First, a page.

Preliminary results show that there was significant improvement in symptoms for all women at 12 months, but the improvements were the greatest for vaginal dryness and dyspareunia.

Elasticity also improved. More women were able to tolerate the medium or large dilator at 12 months than at baseline (79% vs 20%). And there was a 10.6-point increase over the 12-month period in Female Sexual Function Index scores.

At follow-up, 92% of the women reported being satisfied or very satisfied with the procedure, and none of the women reported being dissatisfied.

And more studies are on the way.

Sokol said he will soon present findings from the VeLVET trial (NCT02691936) of 62 women in which vaginal laser treatment was compared with vaginal estrogen therapy at 6 months.

Data from a histology study comparing punch biopsies of the vaginal wall before and after CO₂ laser therapy are currently being analyzed.

And two other studies — a cost-effectiveness analysis and a multicenter randomized sham-controlled trial — are in the works.

It is very reassuring to know that there is actually going to be a double-blind, sham-controlled study coming up.

Sokol's presentation was well done and unbiased. "He talked about everything," said Uma Ananth, MD, NCMP, from Comprehensive Women's Care in Columbus, Ohio.

The presentation helped her feel more comfortable about the strength of the evidence backing laser treatments for patients with genitourinary syndrome of menopause, she added.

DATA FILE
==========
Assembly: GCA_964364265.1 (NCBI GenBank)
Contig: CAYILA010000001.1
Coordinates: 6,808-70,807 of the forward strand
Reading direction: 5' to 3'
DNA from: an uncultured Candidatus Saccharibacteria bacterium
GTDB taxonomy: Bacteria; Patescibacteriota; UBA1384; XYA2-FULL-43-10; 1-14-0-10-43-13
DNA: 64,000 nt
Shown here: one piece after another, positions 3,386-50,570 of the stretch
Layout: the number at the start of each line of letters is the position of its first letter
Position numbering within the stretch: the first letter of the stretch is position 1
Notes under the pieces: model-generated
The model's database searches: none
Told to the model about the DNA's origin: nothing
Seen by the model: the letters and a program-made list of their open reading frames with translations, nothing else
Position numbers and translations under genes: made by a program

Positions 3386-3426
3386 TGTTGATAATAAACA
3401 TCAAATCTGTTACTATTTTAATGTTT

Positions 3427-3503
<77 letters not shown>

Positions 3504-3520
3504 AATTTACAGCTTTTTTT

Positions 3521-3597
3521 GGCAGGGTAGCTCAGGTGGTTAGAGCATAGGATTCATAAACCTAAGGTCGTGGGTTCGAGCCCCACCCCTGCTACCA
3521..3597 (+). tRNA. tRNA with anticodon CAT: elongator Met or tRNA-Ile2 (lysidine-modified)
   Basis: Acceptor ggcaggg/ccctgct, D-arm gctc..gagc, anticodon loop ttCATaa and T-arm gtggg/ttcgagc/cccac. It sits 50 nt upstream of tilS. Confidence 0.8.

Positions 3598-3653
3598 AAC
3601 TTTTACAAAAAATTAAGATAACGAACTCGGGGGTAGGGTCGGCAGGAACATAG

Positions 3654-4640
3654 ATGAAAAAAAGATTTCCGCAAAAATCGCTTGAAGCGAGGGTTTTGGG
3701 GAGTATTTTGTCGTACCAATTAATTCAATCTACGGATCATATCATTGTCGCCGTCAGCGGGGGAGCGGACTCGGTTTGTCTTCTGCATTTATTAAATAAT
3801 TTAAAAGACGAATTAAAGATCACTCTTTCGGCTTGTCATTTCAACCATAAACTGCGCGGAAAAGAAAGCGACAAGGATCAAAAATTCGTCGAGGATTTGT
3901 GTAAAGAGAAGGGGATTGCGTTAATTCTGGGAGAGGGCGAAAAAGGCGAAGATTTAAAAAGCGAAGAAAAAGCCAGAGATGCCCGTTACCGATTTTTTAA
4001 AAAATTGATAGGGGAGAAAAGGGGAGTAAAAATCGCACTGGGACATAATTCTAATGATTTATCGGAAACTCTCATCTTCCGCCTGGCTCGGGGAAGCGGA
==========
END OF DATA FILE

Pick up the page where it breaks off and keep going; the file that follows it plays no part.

Three points in particular are important takeaways, she told Medscape Medical News.

"Number one: beware of all the sham treatments that are going around. Number two: don't treat what it is not useful for, like vestibulitis and other things. And number three: it is very reassuring to know that there is actually going to be a double-blind, sham-controlled study coming up. I was very impressed with that," Ananth said.

"There is evidence that laser treatment does, in fact, do what it is advertised to do," Rosemary Delgado, MD, an obstetrician–gynecologist in private practice in Walnut Creek, California, said after the presentation.

The talk validated the positive responses she has heard from her patients, Delgado explained, adding that it is "encouraging that there are studies that are ongoing that I think will end up supporting the positive results that we are seeing."

However, she said she was surprised that Sokol did not discuss potential complications and adverse events related to laser therapy.

Adverse Events?

Sokol reported that, so far, he has seen no serious adverse events in his patients or in the trials he is involved with. However, the trials to date have been small and adverse events will eventually emerge, he acknowledged.

"There's no way you can release a new technology that's going to take off like this seems to be doing — and hopefully that gets regulated — where you won't run into those," Sokol told Medscape Medical News. Common adverse events with CO₂ lasers are minor and typically result from not being able to use lubricant during insertion of the probe, he noted.

"Some patients we're treating have very small atrophic vaginal canals and haven't been sexually active in a decade," he explained. "People can have a little bit of vaginal bleeding, a little discomfort, particularly after an outside treatment, and a little discharge or a minor amount of spotting."

Sokol reports financial relationships with Cook MyoSite, ACell, Coloplast, Pelvalon, and Eximis Surgical. Ananth and Delgado, who both use vaginal laser treatments in their practices, have disclosed no relevant financial relationships.

North American Menopause Society (NAMS) 2018 Annual Meeting. Presented October 4, 2018.

Follow Medscape OBGYN on Twitter @MedscapeObGyn and Tara Haelle @TaraHaelle